Ontario’s Ministry of Labour (MOL) has issued 11 compliance orders against a farm following a workplace fatality.

According to MOL spokesperson William Lin, the Niagara Regional Police Service (NRPS) contacted the ministry at about 10:35 a.m. on Jan. 22 to report the fatality, which occurred at 262 Roland Road in Fonthill. “Police reported that a concrete block had fallen off a tractor and onto the worker,” Lin said, noting that the incident occurred at White Meadows Farms. “Emergency medical services attended the scene, and the worker was pronounced dead on the scene.”

Lin said that the MOL dispatched an inspector to the scene, as well as an engineer. On that same day, the ministry issued 11 orders related to protecting workers when moving concrete blocks, a procedure and plan to remove the concrete block involved in the incident, posting of the Occupational Health and Safety Act in the workplace and preparing health and safety policies and training. “It is my understanding these orders currently remain in progress,” Lin said on Jan. 27.

Sgt. Rich Gadreau, social media officer with the NRPS, said that at about 9:30 a.m. on Jan. 22, local police officers, emergency medical services personnel and firefighters responded to the accident, which claimed the life of the 36-year-old worker. The NRPS continues to assist the MOL in investigating the accident, Sgt. Gadreau said, adding that the identity of the deceased man was not being released at the request of his family.

The company declined to comment on the incident, but released a statement on its Facebook page. “As a family farm, White Meadows Farms has deep connections with our customers and staff alike,” the statement read. “In this tragic event, we have felt the love of the people around us and thank everyone for their support. As the investigation is ongoing, we are giving the Ministry of Labour and the police our full cooperation.”

Officer acted lawfully: ASIRT

MA-ME-OH BEACH, Alta. — The Alberta Serious Incident Response Team (ASIRT) has determined that an RCMP officer who shot and killed a man while conducting an impaired-driving investigation acted properly in the execution of his duties. On Aug. 3, 2013, the officer stopped the driver of a vehicle with three passengers near Ma-Me-Oh Beach, the Alberta RCMP said in a media release, adding that one passenger was also shot and wounded. ASIRT said that the officer’s use of force in self-defence had been reasonable and justified. The affected officer has been on duty at the RCMP’s Wetaskiwin detachment since the incident.

WorkBC holds Find Your Fit tour stop

PORT ALBERNI, B.C. — WorkBC recently held its Find Your Fit tour stop in Port Alberni. The interactive, hands-on experience took place at the Alberni District Secondary School on Jan. 15 and 16, B.C.’s Ministry of Jobs, Tourism and Skills Training said in a statement. Find Your Fit featured a variety of interactive activity stations about exploring many careers, including welding, carpentry and accounting, and connected youth with WorkBC’s labour market information, tools and services. The statement said that by 2022, B.C. is expecting one million job openings created by retirements and the province’s growing economy. More than 78 per cent of jobs will require some form of post-secondary education, and 44 per cent will need skilled trades and technical workers, the statement added.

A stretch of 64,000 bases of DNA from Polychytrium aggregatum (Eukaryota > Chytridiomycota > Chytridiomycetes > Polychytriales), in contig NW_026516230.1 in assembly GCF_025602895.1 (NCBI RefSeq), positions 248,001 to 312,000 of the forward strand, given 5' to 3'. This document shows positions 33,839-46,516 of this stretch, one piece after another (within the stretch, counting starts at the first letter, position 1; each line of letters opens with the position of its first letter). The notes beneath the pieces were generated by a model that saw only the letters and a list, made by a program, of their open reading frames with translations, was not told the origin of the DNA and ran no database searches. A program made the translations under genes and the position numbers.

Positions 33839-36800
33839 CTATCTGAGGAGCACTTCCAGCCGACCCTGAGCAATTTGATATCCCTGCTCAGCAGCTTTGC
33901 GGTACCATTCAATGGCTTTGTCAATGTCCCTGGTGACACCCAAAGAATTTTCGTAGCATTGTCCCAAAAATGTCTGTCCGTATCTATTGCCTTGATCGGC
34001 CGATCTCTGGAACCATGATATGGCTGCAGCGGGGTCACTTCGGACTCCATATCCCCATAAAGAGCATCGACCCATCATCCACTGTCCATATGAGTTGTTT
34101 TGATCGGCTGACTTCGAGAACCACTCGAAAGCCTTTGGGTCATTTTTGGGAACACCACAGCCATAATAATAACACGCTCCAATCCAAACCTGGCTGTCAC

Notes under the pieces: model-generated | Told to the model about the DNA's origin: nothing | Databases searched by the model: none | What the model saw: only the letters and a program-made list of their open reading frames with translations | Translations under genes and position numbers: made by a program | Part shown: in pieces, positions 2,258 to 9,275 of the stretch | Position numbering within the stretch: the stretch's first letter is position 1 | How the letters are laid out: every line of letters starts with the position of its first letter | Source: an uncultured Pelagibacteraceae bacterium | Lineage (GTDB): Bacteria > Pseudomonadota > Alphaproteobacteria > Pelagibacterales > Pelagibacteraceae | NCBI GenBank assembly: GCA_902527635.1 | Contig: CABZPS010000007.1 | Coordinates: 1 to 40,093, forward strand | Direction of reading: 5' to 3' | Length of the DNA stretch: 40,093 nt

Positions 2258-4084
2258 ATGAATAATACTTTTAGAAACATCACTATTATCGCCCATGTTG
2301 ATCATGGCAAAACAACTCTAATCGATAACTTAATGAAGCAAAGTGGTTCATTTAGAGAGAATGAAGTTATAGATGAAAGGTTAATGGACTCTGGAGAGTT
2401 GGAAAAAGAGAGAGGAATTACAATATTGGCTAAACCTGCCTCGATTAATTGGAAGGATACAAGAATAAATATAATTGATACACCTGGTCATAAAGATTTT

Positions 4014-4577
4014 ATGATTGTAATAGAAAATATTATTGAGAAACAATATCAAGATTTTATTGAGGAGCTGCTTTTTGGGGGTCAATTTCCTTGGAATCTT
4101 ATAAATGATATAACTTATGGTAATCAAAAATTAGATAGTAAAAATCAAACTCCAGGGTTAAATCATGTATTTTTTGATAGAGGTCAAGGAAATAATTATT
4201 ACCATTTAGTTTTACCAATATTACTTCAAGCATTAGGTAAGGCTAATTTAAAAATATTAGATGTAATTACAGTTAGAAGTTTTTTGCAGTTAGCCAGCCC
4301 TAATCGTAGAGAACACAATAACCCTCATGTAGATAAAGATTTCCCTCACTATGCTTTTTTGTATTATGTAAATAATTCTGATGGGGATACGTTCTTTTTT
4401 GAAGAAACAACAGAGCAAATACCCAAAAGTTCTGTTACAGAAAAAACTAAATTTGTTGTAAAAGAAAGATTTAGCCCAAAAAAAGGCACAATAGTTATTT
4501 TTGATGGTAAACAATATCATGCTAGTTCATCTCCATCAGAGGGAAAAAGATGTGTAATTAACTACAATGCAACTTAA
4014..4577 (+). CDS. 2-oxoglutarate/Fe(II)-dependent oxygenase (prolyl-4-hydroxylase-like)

Construction worker seriously injured in fall

A construction worker has sustained serious injuries from a fall at an industrial site in Barrie, Ont.

At about 1:45 p.m. on Jan. 19, an employee of Solar Erectors Ltd. was working at the site of a new medical centre under construction when he fell into a stairway. According to Barrie Police Service spokesperson Sgt. Dave Goodbrand, the worker fell off a ledge and struck his head, sustaining “substantial” injuries. The worker was transported to the Royal Victoria Regional Health Centre, but no further information about his condition was available by COHSN press time.

William Lin, a spokesperson for Ontario’s Ministry of Labour (MOL), confirmed that the ministry was investigating the incident. He said that nine oh&s orders and three requirements had been issued to the constructor, Succession Development Corporation, the worker’s employer, Solar Erectors Ltd., and the primary employer, Coreslab Structures (Ont) Inc.

Solar Erectors was ordered to provide photographs taken at the site of the incident and return fall protection equipment to its original location. It was also required to provide copies of specific documents.

Succession Development Corporation was ordered to:

* Provide photographs taken at the site of the incident;

* Provide a means of protection from protruding rebar;

* Ensure that employees are working with an adequate means of fall protection;

* Conduct no further work on the second level until the aforementioned orders are complied with on the project (this order was lifted on Jan. 21);

* Provide a written plan on how workers will work safely; and

* Submit that written plan.

The company was also required to provide copies of specific documents and provide a copy of the Notice of Project for Coreslab Structures.

Finally, Coreslab was ordered to provide copies of specific documents.